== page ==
Lunar New Year at Brooklyn Public Library
Lunar New Year is on February 10, 2013. It is the time to say goodbye to the year of the Dragon and ring in the year of the Snake. Lunar New Year is celebrated primarily by people of Chinese, Korean, Vietnamese, Tibetan and Mongolian heritage around the world.
The U.S. Postal Service (USPS) recently issued the first of its "all-Forever" commemorative stamps in recognition of the Lunar New Year. The stamp is the sixth of 12 stamps in the Celebrating Lunar New Year series.
Art director Ethel Kessler combined the original artwork by Kam Mak, paper-cut design of a snake by Clarence Lee, and the Chinese character for "Snake" drawn in grass-style calligraphy by Lau Bun, resulting in the Snake Lunar New Year stamp. Read more at Beyond the Perf, the Postal Service's website for the back story on stamp subjects.
Kam Mak is an illustrator who grew up in New York City's Chinatown and now lives in Brooklyn. He is one of the illustrators featured in Brooklyn Public Library's recent exhibition, Drawn in Brooklyn. He came to the Library and read from his book, My Chinatown and led a Stamp Making workshop. In the workshop, Kam gave a short lesson on designing a stamp and illustrated a stamp that best highlight and celebrate the uniqueness of his neighborhood and community. For him, the Lunar New Year is the most exciting holiday of his community.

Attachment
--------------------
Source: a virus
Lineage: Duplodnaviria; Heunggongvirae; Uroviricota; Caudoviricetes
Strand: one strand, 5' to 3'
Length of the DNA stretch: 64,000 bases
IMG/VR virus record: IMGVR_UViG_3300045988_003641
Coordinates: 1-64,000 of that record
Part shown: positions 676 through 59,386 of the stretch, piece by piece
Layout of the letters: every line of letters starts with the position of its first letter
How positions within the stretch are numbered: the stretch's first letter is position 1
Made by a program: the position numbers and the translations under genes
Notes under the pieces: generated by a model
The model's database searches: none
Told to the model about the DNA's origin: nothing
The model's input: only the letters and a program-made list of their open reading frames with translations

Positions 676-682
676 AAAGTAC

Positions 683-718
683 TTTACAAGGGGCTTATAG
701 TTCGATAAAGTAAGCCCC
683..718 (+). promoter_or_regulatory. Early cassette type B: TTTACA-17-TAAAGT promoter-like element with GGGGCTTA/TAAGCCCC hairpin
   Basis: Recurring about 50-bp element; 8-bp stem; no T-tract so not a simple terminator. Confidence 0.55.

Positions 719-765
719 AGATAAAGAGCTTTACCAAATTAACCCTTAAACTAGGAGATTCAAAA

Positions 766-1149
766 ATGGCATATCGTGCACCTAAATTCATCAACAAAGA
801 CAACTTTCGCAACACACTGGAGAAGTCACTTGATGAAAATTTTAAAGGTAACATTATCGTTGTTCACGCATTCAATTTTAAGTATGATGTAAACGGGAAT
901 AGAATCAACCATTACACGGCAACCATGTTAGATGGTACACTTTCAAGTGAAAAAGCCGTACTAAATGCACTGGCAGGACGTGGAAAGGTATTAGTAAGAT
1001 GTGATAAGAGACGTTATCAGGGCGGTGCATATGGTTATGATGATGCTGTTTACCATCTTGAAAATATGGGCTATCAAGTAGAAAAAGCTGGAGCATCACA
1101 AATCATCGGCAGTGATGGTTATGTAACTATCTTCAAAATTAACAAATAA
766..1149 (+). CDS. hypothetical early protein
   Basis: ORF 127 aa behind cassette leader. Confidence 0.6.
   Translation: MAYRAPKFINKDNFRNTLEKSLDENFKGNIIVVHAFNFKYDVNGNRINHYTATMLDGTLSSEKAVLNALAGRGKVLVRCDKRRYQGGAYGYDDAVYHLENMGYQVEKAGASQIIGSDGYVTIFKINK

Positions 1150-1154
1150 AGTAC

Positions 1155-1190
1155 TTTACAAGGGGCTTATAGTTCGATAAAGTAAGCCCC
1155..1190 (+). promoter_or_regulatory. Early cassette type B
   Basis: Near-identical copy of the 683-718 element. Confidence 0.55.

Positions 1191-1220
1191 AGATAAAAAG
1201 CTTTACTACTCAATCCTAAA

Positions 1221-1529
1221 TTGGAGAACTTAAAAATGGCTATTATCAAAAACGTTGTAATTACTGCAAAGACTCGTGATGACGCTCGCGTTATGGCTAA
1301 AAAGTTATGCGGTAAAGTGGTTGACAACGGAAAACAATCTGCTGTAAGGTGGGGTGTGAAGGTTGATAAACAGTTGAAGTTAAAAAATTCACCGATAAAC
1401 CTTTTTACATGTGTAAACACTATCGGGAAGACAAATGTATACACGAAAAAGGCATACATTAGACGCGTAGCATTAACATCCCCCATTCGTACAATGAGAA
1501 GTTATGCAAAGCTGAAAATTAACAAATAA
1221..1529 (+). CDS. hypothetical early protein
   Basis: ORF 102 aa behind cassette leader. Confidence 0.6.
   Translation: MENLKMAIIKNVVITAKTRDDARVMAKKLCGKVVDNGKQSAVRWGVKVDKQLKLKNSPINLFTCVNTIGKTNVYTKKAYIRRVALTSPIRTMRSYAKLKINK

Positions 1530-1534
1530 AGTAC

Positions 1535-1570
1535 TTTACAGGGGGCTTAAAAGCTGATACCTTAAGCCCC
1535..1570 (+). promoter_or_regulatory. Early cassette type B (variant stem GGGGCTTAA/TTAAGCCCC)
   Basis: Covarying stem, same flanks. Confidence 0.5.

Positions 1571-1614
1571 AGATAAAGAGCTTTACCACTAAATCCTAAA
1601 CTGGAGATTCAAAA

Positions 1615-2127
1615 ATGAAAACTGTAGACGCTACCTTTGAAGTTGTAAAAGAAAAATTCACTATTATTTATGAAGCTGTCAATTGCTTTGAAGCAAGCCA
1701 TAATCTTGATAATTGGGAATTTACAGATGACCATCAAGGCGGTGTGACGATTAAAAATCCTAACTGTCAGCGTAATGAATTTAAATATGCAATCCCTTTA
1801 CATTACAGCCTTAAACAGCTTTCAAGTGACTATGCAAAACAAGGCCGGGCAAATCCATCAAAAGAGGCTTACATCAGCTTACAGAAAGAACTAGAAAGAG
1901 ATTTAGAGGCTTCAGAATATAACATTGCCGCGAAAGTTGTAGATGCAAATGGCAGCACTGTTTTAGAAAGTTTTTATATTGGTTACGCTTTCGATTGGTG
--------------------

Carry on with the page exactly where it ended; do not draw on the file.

Celebrations at BPL and in NYC
Chinese New Year
Saturday, February 9, 1PM
Central Library, Dweck Center
CBA Culture & Art Center, once again will light up the stage in celebration of Chinese New Year, the year of the Snake! An incredible celebration with music, magic, dance, and singing. This amazing show will touch the hearts of all children, and the inner-child within all of us.
Firecracker Ceremony and Cultural Festival
Sunday, February 10
Lunar New Year Parade
Saturday, February 16
Lunar New Year Parade and Festival
Sunday, February 17
Asian Communities in NYC
According to census statistics released in April 2011, about 1 in 8 New Yorkers are Asians, which is more than the Asian population in San Francisco and Los Angeles combined.
Learn more with the interactive New York Times map on Asians in New York City.
Buddhas, Sunset Park © Larry Siegel
A recent (January 2013) photography exhibit was on display at BPL's Sunset Park Library titled Sunset Park: A Meeting of Two Cultures, a Photographic Survey, by Larry Siegel, explored the diverse population of Chinese and Hispanic immigrants living in Sunset Park, also called New York City's little Puerto Rico and Brooklyn's Chinatown.
Books at BPL